Luca Carlevaris (Udine 1663-1730 Venice)
PROPERTY FROM A PRIVATE EUROPEAN COLLECTION
Luca Carlevaris (Udine 1663-1730 Venice)

A coastal landscape with figures conversing on the harbour and anchored ships beyond

Details
Luca Carlevaris (Udine 1663-1730 Venice)
A coastal landscape with figures conversing on the harbour and anchored ships beyond
signed with initials 'L·C' (lower centre)
oil on canvas
22 5/8 x 50 5/8 (57.5 x 129 cm.)
Provenance
Acquired in Rome in 1938 by Camillo Manzitti, Genoa.
Anonymous sale; Sotheby’s, London, 11 December 1974, lot 50 (£7,500), when acquired by the husband of the present owner.
Literature
A. Rizzi, Luca Calevarijs, Venice, 1967, p. 88, figs. 167 and 168.

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Lot Essay

Born in Udine, and raised in Venice from the age of 16, Luca Carlevarijs would make his name as one of the leading early vedutisti , famed for the influence he had on the successive generation of view painters in Venice, including Canaletto, and on the early market for vedute for Grand Tourists. His formative work, consisting of landscapes and harbour views, appears to have been shaped by a trip which he is thought to have made to Rome in the latter part of the 17th century.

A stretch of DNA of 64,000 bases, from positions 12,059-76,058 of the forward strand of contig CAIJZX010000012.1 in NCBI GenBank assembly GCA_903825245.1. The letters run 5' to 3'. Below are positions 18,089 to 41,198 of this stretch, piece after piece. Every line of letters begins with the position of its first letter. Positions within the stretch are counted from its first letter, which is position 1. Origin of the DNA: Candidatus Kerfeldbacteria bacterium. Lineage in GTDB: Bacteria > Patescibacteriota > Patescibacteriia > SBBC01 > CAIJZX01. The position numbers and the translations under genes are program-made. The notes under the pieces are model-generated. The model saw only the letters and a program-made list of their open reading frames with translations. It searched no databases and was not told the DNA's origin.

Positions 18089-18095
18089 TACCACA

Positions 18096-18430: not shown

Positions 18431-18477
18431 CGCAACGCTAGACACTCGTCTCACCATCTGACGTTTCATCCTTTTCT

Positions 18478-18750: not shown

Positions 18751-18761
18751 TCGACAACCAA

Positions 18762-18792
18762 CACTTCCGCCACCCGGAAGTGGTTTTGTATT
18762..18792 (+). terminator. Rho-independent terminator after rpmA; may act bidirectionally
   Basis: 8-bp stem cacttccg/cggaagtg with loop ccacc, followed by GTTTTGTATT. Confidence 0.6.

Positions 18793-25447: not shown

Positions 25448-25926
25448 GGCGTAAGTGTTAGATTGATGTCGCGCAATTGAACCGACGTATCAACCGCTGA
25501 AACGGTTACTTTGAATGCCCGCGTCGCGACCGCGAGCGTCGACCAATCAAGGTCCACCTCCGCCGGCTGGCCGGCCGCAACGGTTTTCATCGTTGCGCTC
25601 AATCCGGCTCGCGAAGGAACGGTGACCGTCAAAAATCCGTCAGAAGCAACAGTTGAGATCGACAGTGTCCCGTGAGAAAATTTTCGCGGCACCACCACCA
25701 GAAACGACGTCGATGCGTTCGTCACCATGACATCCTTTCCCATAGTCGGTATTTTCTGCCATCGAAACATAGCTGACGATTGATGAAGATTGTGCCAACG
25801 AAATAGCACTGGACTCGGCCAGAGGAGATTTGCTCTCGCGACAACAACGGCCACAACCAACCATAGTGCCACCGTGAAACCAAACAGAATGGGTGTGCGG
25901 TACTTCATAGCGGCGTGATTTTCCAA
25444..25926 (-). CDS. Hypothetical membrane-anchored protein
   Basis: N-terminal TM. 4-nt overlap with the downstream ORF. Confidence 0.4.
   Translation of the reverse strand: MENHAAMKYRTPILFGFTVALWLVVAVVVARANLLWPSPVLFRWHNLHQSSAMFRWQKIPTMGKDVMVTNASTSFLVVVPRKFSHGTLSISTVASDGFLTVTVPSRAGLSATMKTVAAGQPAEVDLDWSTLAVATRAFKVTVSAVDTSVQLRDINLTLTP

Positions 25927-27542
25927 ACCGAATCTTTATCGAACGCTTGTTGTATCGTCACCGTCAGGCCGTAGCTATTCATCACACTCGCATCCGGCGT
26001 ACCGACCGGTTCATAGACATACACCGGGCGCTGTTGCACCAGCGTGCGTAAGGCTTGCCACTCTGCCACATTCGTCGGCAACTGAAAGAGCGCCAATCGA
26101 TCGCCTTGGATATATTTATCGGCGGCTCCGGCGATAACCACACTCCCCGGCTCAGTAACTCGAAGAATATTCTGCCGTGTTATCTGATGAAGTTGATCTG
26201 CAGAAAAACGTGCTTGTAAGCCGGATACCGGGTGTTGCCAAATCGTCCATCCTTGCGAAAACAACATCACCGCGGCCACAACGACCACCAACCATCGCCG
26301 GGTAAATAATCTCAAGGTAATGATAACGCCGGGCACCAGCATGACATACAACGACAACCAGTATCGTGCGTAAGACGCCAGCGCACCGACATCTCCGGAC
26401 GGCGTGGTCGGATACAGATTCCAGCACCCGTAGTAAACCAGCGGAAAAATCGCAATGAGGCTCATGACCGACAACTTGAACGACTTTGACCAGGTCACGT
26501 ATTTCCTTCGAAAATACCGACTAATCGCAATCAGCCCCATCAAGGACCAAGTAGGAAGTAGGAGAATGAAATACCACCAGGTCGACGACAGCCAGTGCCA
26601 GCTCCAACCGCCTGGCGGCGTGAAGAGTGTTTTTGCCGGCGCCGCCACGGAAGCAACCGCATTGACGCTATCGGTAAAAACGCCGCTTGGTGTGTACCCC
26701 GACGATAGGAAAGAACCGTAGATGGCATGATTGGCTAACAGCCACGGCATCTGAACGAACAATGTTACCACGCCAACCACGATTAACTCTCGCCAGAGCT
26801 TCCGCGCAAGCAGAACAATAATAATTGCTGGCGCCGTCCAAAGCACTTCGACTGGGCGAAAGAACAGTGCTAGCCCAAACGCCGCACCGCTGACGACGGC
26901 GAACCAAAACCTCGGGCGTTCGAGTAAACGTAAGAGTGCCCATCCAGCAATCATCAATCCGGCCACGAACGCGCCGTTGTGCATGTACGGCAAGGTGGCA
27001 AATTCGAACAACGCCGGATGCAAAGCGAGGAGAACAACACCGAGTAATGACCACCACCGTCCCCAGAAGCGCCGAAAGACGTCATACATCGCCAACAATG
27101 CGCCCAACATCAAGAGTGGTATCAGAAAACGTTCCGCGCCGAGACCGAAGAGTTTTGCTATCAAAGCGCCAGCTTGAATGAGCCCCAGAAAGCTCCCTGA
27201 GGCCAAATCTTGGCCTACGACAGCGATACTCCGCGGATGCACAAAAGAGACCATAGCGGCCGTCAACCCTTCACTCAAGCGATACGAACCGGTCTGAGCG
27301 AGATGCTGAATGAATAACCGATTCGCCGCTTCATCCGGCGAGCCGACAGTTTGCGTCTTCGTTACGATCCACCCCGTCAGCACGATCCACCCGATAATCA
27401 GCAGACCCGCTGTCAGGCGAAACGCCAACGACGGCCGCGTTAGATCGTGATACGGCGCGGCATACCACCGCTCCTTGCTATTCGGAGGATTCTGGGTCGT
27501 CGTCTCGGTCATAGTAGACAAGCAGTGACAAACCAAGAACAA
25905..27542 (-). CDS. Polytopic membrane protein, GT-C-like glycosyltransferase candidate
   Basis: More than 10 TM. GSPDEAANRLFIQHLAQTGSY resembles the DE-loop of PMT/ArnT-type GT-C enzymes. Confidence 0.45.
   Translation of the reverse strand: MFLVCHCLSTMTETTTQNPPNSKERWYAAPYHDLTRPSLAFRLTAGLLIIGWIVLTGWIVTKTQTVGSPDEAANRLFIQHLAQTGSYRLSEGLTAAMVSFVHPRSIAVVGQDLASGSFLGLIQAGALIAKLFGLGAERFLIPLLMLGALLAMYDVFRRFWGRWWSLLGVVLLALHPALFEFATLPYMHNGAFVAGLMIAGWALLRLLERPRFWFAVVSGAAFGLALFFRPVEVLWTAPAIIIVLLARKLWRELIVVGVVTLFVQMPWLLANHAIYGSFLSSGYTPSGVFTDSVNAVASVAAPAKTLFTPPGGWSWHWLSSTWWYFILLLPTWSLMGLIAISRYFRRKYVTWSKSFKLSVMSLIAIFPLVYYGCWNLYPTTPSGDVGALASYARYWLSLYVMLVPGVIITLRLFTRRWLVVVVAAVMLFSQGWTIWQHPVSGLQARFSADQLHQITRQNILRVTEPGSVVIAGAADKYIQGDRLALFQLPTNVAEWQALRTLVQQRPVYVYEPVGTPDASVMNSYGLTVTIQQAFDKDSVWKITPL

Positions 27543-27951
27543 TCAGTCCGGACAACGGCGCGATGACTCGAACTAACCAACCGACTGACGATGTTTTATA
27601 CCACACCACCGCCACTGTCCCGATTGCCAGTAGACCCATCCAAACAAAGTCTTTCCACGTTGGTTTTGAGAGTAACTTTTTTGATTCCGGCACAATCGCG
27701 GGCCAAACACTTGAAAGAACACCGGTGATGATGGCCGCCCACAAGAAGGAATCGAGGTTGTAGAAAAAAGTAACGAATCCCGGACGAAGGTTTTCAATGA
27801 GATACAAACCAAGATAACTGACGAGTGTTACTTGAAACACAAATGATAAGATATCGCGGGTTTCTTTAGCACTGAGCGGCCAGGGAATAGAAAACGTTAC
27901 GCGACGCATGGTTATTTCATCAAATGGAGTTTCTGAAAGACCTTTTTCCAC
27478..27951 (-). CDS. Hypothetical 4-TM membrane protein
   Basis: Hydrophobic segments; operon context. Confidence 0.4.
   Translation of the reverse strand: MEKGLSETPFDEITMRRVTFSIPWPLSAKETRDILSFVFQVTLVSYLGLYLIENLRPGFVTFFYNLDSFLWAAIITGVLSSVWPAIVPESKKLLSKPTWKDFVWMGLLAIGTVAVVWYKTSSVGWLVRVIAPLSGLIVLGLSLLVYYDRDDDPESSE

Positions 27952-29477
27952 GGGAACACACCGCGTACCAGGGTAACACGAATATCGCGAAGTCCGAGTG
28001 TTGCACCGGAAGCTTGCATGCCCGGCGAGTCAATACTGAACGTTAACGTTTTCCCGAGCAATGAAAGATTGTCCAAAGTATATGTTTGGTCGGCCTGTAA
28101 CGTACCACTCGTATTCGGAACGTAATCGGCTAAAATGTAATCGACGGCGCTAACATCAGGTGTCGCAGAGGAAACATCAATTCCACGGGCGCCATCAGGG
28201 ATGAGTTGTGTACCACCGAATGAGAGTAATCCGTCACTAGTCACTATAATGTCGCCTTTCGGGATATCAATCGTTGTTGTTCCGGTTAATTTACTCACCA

The present lot, dating to c.1690, can be compared to the canvases at Ca’ Zenobio (now the Villa del Prà) in Santa Bona, near Treviso (Rizzi, op. cit., p. 95). It demonstrates both the infuence of the bamboccianti, in the depiction of the figures in the harbour, and of Roman landscapists, notably Salvator Rosa, in the gathering storm clouds. This type of imagined landscape, with the architecture pushed out to the wings and the figures dotted around the scene, attempts to convey a sense of light and air, to replicate the coastal atmosphere. To this end, it can be seen in the context of other painters of nature in northern Italy that followed in Rosa’s wake, such as Pieter Mulier, il Tempesta, Carlo Antonio Tavella and Marco Ricci. The effect of Carlevarijs’s early landscapes on the latter is particularly evident: the depiction of towers, small bridges and distant mountains one sees here feature heavily in Ricci’s work. The lessons Carlevarijs absorbed in creating atmospheric landscapes would be put to use when he returned to Venice to produce the topographical views for which he became so widely known.

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